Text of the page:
excerpts from Chapter 23 of Oliver Sacks' The Man Who Mistook His Wife For a Hat

[Thanks to Andreas Knauf for bringing this to my attention. Note that this is an actual psychiatric case study, not a work of fiction.]

"It is hard for me to hear this story without feeling awe and astonishment at the workings of the brain. But I wonder: Do my nonmathematical friends have the same response? Do they have any inkling how bizarre, how prodigious and even otherworldly was the singular talent th twins so naturally enjoyed? Are they aware that mathematicians have been struggling for centuries to come up with away to do what John and Michael did spontaneously: to generated and recognize prime numbers? Or can most people do little more than shrug and perhaps secretly imagine that a real mathematician would find what the twins did no more taxing or worthy of attention than performing long division in one's head?"

E. Bombieri from "Prime Territory: Exploring the Infinite Landscape at the Base of the Number System" (The Sciences, Sept/Oct 1992)

When I first met the twins, John and Michael, in 1966 in a state hospital, they were already well known. They had been on radio and television, and made the subject of detailed scientific and popular reports ([1],[2]). They had even, I suspected, found their way into science fiction, a little 'fictionalised', but essentially as portrayed in the accounts that had been published [3].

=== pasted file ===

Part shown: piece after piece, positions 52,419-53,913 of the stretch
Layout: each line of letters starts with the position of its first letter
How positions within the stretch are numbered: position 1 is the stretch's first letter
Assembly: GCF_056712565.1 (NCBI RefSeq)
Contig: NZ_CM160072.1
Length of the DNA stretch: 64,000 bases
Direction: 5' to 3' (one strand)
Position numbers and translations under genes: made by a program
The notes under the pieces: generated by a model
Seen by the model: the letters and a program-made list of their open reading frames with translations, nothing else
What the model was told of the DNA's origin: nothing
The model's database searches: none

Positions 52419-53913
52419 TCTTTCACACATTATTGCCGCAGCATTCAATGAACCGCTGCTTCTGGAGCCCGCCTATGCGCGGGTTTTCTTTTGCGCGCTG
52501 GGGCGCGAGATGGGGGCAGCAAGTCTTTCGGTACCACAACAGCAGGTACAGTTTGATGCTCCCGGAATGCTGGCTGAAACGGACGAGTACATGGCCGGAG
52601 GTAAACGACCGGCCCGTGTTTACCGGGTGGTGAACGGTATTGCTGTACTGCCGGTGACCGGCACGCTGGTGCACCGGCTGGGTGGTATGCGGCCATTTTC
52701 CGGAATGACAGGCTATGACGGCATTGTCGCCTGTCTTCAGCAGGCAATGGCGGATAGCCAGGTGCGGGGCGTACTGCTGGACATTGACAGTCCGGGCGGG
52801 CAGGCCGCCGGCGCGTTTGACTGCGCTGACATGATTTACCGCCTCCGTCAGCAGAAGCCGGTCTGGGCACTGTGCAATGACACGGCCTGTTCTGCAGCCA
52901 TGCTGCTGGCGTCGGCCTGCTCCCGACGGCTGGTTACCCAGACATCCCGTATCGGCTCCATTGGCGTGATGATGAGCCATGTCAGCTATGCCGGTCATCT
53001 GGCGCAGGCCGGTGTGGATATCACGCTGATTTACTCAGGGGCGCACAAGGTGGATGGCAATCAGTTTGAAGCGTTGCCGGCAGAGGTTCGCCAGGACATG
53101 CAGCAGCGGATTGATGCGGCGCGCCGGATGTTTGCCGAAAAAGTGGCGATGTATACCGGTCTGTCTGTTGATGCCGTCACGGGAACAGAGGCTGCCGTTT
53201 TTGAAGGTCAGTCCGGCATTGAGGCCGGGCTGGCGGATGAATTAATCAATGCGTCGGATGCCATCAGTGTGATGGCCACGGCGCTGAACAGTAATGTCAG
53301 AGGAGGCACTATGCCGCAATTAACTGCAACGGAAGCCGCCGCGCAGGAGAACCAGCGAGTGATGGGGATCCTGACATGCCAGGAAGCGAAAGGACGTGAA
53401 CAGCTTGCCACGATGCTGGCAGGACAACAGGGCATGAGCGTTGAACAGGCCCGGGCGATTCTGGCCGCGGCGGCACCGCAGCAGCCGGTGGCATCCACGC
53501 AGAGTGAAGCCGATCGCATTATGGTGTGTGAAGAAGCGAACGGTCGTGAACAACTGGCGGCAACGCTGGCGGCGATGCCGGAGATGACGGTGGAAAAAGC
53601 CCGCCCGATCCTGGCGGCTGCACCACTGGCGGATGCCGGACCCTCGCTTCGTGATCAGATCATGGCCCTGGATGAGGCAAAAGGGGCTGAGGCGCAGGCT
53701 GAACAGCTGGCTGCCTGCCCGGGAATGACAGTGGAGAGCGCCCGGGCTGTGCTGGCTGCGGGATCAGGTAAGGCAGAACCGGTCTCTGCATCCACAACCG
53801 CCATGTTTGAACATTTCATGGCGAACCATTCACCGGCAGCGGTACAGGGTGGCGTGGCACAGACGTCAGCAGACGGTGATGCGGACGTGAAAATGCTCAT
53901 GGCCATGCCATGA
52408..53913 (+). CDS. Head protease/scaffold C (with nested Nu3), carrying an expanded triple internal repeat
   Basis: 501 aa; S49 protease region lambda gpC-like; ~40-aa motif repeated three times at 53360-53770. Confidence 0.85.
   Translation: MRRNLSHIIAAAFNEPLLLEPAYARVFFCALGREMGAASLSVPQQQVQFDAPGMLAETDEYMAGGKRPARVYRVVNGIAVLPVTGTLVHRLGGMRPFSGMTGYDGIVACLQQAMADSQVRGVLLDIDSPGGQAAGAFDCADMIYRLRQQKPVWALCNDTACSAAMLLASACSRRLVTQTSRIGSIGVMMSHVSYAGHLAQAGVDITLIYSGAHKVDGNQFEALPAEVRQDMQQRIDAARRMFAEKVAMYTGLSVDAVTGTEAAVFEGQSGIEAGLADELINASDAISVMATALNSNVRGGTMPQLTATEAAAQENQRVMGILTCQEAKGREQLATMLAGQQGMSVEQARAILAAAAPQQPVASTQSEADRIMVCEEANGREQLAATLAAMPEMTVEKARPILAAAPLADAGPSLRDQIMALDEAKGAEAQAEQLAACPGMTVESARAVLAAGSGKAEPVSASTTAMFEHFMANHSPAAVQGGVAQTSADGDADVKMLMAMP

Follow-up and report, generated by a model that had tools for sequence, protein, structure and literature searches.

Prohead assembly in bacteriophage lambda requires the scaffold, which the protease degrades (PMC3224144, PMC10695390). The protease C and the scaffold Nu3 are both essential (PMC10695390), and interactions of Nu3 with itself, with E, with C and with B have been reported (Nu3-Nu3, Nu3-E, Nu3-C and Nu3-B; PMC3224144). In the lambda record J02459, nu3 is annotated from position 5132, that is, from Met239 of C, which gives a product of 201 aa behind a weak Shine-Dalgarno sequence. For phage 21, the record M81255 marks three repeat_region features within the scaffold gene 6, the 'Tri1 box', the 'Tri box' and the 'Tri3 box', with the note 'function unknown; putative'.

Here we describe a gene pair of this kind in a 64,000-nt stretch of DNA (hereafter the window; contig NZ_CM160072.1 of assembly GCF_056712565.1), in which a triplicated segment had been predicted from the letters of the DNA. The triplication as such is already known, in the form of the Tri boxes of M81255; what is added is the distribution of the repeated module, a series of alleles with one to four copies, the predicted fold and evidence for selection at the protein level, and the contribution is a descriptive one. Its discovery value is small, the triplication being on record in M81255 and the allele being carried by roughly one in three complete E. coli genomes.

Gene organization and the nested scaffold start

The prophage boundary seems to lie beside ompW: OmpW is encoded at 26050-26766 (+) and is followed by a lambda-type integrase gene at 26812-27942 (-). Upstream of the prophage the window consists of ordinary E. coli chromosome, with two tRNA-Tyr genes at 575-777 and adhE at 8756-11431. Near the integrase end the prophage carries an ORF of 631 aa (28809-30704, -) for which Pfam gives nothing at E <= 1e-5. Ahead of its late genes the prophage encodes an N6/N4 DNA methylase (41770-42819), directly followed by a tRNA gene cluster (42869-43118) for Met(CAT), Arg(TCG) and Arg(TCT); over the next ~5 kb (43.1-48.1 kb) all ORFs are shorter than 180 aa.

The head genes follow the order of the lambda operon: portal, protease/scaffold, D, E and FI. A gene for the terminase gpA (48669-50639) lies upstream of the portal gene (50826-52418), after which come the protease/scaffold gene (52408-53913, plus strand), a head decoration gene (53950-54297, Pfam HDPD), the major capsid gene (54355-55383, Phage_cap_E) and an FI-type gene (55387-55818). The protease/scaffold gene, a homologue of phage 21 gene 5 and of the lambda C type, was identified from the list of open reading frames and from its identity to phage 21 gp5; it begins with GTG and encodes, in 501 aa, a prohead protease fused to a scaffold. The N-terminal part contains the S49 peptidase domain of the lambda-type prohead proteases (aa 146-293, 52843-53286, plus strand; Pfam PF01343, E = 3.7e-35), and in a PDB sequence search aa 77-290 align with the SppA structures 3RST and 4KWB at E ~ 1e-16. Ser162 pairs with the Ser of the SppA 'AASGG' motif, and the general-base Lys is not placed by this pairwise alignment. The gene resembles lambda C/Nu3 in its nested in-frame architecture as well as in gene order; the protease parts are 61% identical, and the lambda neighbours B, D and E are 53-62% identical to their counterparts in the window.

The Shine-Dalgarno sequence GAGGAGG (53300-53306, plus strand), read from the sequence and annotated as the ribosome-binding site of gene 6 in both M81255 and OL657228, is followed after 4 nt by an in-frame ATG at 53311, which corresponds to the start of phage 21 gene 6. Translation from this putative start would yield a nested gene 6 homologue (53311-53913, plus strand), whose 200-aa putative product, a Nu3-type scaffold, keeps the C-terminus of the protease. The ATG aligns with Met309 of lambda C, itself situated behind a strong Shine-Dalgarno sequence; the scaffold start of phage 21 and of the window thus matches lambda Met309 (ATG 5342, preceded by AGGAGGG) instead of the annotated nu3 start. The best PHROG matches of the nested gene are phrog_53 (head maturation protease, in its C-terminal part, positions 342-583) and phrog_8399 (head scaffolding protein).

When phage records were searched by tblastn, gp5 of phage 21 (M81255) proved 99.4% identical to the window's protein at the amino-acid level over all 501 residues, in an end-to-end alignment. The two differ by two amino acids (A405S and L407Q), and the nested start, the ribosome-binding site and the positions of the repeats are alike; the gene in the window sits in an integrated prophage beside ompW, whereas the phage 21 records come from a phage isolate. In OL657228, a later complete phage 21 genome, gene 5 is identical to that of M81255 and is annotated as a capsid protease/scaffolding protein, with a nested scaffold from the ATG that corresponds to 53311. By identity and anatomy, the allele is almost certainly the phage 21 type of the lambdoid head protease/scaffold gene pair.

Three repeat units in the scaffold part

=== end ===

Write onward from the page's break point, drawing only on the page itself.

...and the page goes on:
The twins, who were then twenty-six years old, had been in institutions since the age of seven, variously diagnosed as autistic, psychotic or severely retarded. Most of the accounts concluded that, as idiots savants go, there was 'nothing much to them' -except for their remarkable 'documentary' memories of the tiniest visual details of their own experience, and their use of an unconscious, calendrical algorithm that enabled them to say at once what day of the week a date far in the past or future would fall. this is the view taken by Steven Smith, in his comprehensive and imaginative book, The Great Mental Calculators (1983). There have been, to my knowledge, no further studies of the twins since the mid-Sixties, the brief interest they aroused being quenched by the apparent 'solution' of the problems they presented.